Thank you. I've read about the pharmacist here and the pharmacy chain in question. I'll watch the whole video later when back home.

Amal England, Public Relations

What Cormac really means:       "respond to the dramatic reimbursement cuts" = respond to the purchase of the Sainsburys Pharmacies.                                                                                                  

“Although this is a difficult day for some of our colleagues" = this is a good day for Celesio and my pay packet. lol!

"build our reputation as a trusted partner of the NHS,” = build our reputation as a devourer of NHS funds.

“Although this is a difficult day for some of our colleagues," = ha ha ha :-). 

“not been taken lightly”, but was “necessary” for the business “to adapt to the changing landscape”. = the decision was taken with glee, conviction, enthusiam and was very necessary to ensure my pay packet is unharmed in this new landscape which we multiples created.....one ring to rule them all!

“look to redeploy colleagues wherever possible”, but “where we are unable to find a solution, unfortunately colleagues may be in a redundancy situation”. = servents, you are on your own.....scrounge for the scraps and if there are no scraps effoff.....who do you think I am ....a charity....NO, I am your worst nightmare!

Barry Pharmacist, Community pharmacist

The article says .... “We will be looking for potential buyers for the affected pharmacies. It is for whoever acquires the pharmacies to make decisions about their future,” Celesio UK added. So that says to me they won't close the pharmacies they will look to sell them and then let the new owner decide. It may be that Lloyds sell to another chain and they "consolidate". We have 11,500 pharmacies and without doubt we will not have the same number in 2 years time but don't make this out to be something it isn't. All this does is add uncertainty to staff's lives in the run up to Christmas. It's not decent and it's not fair. 

Stephen Griffiths, Community pharmacist

You could be right, Under corporate dogma a branch does not just have to make a profit, it has to make X amount profit. If it fails to meet this target, it is liable to be closed - or at least the business sold, and the money men look elsewhere for a bigger return on their capital. 

 

Rubicon Mango, Academic pharmacist

Feel sorry for the staff. Especially in a time like this. Whilst the executives and head office staff can clap themselves and high five each other, front line staff who you know, actually make the money are being shafted. Please hold some sentiment for those who have mortgages to pay. I hope the public will percieve this and look to take their business elsewhere. 

This of course is a sign of the times and purposely engineered to cause the market to shift this way. When situations like this arise, it always front line staff that pay the price and professionalism goes out of the window, patient safety can also be compromised.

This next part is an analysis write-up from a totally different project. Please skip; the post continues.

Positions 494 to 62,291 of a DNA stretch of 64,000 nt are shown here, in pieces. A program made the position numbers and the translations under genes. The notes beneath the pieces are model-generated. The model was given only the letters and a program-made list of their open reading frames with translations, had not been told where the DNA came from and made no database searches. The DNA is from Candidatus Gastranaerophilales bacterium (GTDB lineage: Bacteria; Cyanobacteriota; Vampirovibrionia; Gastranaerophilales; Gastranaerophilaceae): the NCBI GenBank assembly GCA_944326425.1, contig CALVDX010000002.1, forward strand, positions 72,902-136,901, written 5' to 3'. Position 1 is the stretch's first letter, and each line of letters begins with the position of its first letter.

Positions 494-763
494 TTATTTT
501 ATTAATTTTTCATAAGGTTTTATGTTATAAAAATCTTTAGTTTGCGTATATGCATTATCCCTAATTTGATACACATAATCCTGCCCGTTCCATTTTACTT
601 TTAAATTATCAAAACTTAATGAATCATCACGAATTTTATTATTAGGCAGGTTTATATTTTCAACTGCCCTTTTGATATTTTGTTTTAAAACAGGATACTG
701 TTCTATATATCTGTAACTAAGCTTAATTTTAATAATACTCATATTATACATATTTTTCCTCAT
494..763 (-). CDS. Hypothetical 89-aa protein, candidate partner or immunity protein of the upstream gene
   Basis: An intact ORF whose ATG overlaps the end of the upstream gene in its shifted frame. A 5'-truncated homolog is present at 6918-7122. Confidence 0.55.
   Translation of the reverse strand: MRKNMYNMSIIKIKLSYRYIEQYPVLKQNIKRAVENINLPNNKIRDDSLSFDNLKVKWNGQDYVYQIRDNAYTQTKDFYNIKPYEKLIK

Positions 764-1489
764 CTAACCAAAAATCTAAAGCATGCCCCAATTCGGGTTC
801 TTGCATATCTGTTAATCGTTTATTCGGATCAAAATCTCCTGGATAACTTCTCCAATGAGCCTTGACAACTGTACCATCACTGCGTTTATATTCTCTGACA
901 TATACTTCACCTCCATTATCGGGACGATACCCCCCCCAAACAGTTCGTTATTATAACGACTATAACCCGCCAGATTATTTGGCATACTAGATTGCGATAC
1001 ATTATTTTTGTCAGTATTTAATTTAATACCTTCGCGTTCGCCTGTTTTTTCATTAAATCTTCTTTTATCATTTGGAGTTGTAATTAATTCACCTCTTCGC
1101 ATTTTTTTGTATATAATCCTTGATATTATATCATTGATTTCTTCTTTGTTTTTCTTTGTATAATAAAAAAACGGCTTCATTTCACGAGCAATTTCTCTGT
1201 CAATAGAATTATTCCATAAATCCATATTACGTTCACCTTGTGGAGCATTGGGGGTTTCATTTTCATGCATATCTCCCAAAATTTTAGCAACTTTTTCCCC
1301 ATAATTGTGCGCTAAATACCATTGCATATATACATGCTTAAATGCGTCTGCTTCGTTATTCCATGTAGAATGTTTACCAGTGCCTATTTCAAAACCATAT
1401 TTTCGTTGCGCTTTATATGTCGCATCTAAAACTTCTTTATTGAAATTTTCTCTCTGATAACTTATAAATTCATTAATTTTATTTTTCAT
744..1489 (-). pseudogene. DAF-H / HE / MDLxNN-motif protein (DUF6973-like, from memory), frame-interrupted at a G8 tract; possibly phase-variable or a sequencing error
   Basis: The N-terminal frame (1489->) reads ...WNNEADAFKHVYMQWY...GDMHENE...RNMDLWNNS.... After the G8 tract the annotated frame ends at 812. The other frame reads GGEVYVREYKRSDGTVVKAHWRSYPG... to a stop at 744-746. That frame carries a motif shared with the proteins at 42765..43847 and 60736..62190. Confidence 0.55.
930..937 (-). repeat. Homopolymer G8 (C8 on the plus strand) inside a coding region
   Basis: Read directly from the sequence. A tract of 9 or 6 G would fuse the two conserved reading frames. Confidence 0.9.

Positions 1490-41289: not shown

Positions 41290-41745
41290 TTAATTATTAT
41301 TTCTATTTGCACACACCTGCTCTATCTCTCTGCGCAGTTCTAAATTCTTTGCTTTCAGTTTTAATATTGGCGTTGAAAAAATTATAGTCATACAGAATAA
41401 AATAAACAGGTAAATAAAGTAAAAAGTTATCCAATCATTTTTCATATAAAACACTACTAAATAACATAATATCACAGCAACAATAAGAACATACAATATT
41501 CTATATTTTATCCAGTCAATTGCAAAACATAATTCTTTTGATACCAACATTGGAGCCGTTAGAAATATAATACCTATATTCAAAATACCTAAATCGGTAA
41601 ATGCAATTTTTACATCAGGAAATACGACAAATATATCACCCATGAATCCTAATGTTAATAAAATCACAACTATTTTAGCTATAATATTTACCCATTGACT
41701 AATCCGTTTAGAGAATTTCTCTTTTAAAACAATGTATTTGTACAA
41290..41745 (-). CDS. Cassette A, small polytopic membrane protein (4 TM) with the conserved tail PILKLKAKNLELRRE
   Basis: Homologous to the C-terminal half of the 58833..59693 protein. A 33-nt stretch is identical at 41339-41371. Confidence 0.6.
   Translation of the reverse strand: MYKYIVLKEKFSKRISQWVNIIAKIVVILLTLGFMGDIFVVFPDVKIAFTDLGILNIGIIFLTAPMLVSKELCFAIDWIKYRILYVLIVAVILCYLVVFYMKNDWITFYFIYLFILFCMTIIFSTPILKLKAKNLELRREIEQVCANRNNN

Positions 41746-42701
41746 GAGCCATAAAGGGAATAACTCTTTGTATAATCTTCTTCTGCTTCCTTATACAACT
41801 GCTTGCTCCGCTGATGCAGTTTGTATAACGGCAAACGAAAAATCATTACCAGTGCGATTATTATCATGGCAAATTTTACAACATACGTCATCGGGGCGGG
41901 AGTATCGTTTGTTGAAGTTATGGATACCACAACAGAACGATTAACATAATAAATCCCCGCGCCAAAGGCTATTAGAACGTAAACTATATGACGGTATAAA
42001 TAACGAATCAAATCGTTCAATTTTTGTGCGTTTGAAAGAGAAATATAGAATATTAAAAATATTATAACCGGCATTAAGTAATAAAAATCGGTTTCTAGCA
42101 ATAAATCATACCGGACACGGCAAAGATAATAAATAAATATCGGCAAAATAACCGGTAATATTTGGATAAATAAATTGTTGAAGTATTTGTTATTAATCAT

Let this be a stark reminder to anyone reading that whilst we all have a duty of care to patients, the biggest patient to take care of is yourself. Don't let your employer, the gphc, the nhs take that away from you, it is the most important patient and one that they forget the most.

Louise Cairns, Pharmacy technician

"Please hold some sentiment for those who have mortgages to pay. I hope the public will percieve this and look to take their business elsewhere."

If the public take their business elsewhere, there will be a lot more people who will struggle to pay their mortgages. Boycotting firms only ever affects the hoi polloi.

M P, Community pharmacist

Not necessarily, an effective boycott hurts these companies finances - money talks! If public demand frontline staff be treated fairly and will take thier business elsewhere if thats not the case- then for the love of profit they will think twice about how they treat their staff. 

Chemical Mistry, Editorial

What can not all these the new services format talks about help to keep these pharmacies open, I thought that was the future!

Mark Boland, Pharmaceutical Adviser

We have been moving towards this point since the new contract was imposed. After reading that contract for the first time, it was obvious (to anybody with a brain) that it was game over for the sector. The 'clinical visionaries' (known as the useful idiots to those who saw this coming) have been very quiet of late, in fact most appear to have jumped ship to other places within the bureaucracy.

They leave a decimated sector and potential mass redundancy. Pharmacists ought to have realised this, as should pharmacy students. So I feel most sorry for the dispensary/shop staff, for whom many decades of hard work will count for little and who cannot reasonably be expected to have known the likelihood of such an outcome.

 

Chris Locum, Locum pharmacist

I agree. I have worked with some tremendous support staff. These efforts now come to nought. A reality check for the sector now. Cut out overlapping branches and those that do not stand up to individual finances. Contractors signed a blank piece of paper minus details at the time. Others saw the end game for independents on the horizon.